Saturday, 12 August 2017 09:24:26 UTC
Scott, thanks for sharing this very valuable piece.
I think WebAssembly should have happened 5 years ago to the web.
But it's never too late.

Now let me get another Turkish Coffee and play around with this.
Saturday, 12 August 2017 09:57:29 UTC
Can we get Typescript for the back-end?
Cristian
Saturday, 12 August 2017 10:21:03 UTC
@Theo: Right now, you have to wait for .js files to download, including large parts of AngularJS or React on websites that use them.

Sooo... what's the difference?
R. Bemrose
Saturday, 12 August 2017 10:33:18 UTC
Interesting stuff. Would be neat to see if there's a way to facilitate interoperability with existing JS. TypeScript really nailed this. If I could write C# for react applications, I'd be beyond interested.

All the power of nuget AND npm? Well that would just be too cool...

"What do you want?"
Saturday, 12 August 2017 10:39:17 UTC
Scope for imagination.

The End of Typing: The Internet's Next Billion Users Will Use Video and Voice --- A new generation of internet users—a swath of the poor and less-literate—tend to use voice recognition and other intuitive apps over text, creating new business winners and losers. Silicon Valley giants are rushing to respond.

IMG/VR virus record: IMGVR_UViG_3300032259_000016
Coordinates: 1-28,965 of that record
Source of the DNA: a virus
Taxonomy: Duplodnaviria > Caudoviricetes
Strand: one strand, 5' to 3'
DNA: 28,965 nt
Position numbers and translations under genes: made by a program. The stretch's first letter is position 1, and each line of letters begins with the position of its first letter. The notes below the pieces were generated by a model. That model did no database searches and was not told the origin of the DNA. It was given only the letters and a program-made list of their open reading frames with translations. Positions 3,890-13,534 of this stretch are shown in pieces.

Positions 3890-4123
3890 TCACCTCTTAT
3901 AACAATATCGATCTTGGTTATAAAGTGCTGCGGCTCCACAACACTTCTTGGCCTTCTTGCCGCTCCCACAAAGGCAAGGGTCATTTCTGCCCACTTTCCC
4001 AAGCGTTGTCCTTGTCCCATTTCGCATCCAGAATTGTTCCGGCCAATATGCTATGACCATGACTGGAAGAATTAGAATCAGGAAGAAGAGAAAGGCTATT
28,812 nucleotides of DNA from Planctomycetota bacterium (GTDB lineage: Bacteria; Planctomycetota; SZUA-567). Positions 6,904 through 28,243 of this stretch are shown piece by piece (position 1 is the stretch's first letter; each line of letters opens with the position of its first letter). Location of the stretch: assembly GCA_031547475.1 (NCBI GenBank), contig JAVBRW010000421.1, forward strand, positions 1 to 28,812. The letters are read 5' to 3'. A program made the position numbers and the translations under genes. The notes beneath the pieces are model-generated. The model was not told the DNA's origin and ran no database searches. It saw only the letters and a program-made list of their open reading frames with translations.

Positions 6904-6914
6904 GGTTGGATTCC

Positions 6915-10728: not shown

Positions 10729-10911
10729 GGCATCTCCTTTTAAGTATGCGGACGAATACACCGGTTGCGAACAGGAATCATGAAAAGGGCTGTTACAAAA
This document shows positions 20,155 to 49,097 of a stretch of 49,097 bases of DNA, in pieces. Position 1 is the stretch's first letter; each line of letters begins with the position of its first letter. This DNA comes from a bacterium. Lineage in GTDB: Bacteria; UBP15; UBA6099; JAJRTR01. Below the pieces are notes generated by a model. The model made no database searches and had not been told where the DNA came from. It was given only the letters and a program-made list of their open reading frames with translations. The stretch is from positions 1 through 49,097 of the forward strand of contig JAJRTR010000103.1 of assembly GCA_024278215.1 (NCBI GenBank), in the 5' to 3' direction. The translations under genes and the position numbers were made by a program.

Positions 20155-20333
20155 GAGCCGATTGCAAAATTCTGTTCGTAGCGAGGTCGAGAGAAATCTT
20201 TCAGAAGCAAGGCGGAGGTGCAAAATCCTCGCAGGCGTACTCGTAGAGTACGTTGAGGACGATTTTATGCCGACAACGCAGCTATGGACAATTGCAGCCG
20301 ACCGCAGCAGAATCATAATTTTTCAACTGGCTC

http://www.msn.com/en-us/money/companies/the-end-of-typing-the-internets-next-billion-users-will-use-video-and-voice/ar-AApCAoq?li=AA4Zjn&ocid=spartanntp


fyi Hello WebAssembly Community Group,
The third face-to-face WebAssembly meeting will be hosted by Intel in Santa Clara on November 1–2.

Have FUN. Share with family and friends ... WebAssembly Video Editor
https://d2jta7o2zej4pf.cloudfront.net/
github.com/shamadee/web-dsp
Saturday, 12 August 2017 10:46:04 UTC
I am with @Theo. We just get rid of Flash, Java Applets and Silverlight and now we are going back there?

Slawek
Saturday, 12 August 2017 11:25:58 UTC
Theo & Slawek: the difference between this and Flash/etc. is that this is a web standard built right into the browsers' JS runtime. It will be interesting to see how things like Blazor progress, and how big the frameworks are compared to things like Angular. We now live in a world where, using tech like Xamarin Forms and .NETStandard, we can use the same C# code and .NET packages to build for almost every platform (Windows, Mac, Linux, iOS, Android, Tizen, IoT, Xbox, PS4, Switch). If that can be extended to include Browser, we've got all the bases covered. How is that not awesome?
Saturday, 12 August 2017 12:37:18 UTC